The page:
You get to feel like a rockstar…sort of. On more than several occasions, people have approached me at conferences and wanted to know if I was ‘the guy from the Performance Ideas blog’….oh man….those moments make you feel like a rockstar….and then reality sets back in….
You develop an valuable repository. In the past, I often lost good ideas. But having a blog allows you to capture everything. You build up a repository of your own thoughts. And that is extremely valuable.
Well, those are just thirteen reasons. I could go on and easily find another twenty or thirty. If you are considering to write your own blog, just get started. Give it a try. Some of my former colleagues and friends also recently started their own blogs and I think they really enjoy it, too.
If Dr. Johann August Unzer would have had a company website, it would have been a very lively place. The practicing physician from Altona, Germany, was the publisher of the well-known medical weekly journal “Der Arzt” („The Physician”) as well as the author of numerous medical, philosophical and early psychological essays. His home was a central point for society in Altona. On the painting of Johann Jacob Tischbein, which caught my attention during a visit at the German Museum of Medical History in Ingolstadt, he portrayed himself as a well-connected, scholarly medical scientist and author. He is surrounded by letters from colleagues and his hand rests on his best-seller: “Der Arzt” (“The Physician”), published 1759 to 1764 also as a set of 12 books.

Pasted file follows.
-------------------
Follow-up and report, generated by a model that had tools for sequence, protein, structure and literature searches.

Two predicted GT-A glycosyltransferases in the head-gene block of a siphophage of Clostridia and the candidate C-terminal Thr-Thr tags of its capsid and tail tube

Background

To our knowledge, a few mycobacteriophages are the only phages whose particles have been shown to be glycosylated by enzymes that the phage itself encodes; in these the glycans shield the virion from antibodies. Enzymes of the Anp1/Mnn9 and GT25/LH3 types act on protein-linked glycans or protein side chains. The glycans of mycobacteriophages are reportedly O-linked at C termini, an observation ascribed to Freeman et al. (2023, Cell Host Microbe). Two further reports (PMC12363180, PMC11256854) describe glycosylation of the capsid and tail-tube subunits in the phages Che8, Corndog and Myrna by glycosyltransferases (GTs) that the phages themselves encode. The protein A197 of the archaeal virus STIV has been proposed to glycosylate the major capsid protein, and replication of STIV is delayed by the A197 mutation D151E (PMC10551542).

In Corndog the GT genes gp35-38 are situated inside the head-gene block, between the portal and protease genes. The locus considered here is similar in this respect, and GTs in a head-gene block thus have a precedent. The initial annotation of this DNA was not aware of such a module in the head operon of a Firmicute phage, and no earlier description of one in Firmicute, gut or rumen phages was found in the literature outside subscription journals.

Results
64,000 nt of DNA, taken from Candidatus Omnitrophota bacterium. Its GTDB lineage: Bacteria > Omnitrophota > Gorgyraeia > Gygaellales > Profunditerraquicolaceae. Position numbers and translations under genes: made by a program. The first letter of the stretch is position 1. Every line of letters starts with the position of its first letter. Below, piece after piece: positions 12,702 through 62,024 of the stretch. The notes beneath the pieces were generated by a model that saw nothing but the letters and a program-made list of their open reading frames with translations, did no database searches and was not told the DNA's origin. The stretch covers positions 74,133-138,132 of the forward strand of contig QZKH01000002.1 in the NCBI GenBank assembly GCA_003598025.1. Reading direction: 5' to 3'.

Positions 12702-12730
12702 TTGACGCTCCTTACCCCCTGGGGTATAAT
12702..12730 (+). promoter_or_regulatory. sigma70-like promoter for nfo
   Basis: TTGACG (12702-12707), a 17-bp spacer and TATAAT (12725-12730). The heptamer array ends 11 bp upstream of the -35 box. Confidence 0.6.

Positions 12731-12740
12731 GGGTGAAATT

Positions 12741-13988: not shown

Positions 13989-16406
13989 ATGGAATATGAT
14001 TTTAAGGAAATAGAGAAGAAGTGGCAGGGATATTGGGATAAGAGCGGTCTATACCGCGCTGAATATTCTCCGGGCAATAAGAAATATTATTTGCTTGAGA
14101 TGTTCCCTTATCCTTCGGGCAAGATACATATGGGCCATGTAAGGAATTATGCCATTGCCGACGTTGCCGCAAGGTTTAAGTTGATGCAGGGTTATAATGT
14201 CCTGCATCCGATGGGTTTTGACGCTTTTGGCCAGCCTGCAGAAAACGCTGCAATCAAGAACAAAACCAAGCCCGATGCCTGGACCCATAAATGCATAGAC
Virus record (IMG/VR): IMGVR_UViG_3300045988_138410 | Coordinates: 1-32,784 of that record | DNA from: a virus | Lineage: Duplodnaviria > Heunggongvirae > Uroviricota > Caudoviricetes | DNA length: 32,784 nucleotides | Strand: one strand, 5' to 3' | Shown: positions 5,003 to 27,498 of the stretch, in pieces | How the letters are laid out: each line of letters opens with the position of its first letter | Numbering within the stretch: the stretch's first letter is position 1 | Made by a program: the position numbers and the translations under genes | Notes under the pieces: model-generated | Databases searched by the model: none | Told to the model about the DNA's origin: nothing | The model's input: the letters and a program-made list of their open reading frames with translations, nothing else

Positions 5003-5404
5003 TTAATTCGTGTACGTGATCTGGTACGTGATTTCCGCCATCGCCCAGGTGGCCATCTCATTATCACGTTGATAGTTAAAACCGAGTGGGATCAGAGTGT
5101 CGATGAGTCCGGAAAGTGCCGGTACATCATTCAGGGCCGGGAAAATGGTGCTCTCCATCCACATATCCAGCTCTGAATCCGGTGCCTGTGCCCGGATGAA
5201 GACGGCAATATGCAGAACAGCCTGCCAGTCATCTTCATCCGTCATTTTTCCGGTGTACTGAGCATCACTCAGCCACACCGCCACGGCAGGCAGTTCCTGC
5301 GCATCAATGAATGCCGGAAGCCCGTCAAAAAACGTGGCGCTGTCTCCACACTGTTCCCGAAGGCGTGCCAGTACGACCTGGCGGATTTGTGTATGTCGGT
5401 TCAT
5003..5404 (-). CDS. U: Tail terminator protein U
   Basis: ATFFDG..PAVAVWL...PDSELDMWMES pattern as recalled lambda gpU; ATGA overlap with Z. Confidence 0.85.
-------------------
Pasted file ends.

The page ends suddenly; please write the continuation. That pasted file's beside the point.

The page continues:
Unzer dedicated himself to topics that were discussed intensively in the medical world of the 18th century. He wrote for example “De sternutatione”, a discussion about sneezing. And he wrote down his “Gedancken vom Einfluß der Seele in ihren Körper” (“Thoughts on the influence of the soul on its body”). Burning questions that wanted to be answered.
Since the invention of a search engine, however, one must no longer consult experts nor call nor mail a letter in order to find answers; the answer appears on the computer screen within milliseconds – delivery free of charge.
Google prefers high-quality content
Sophisticated content marketing for companies utilizes the new possibilities of searching for answers. A company website is no longer optimized towards products but rather towards topics. One of the reasons for this is that Google prefers “high-quality” content that supplies answers and currently neglects outdated methods like keyword frequency.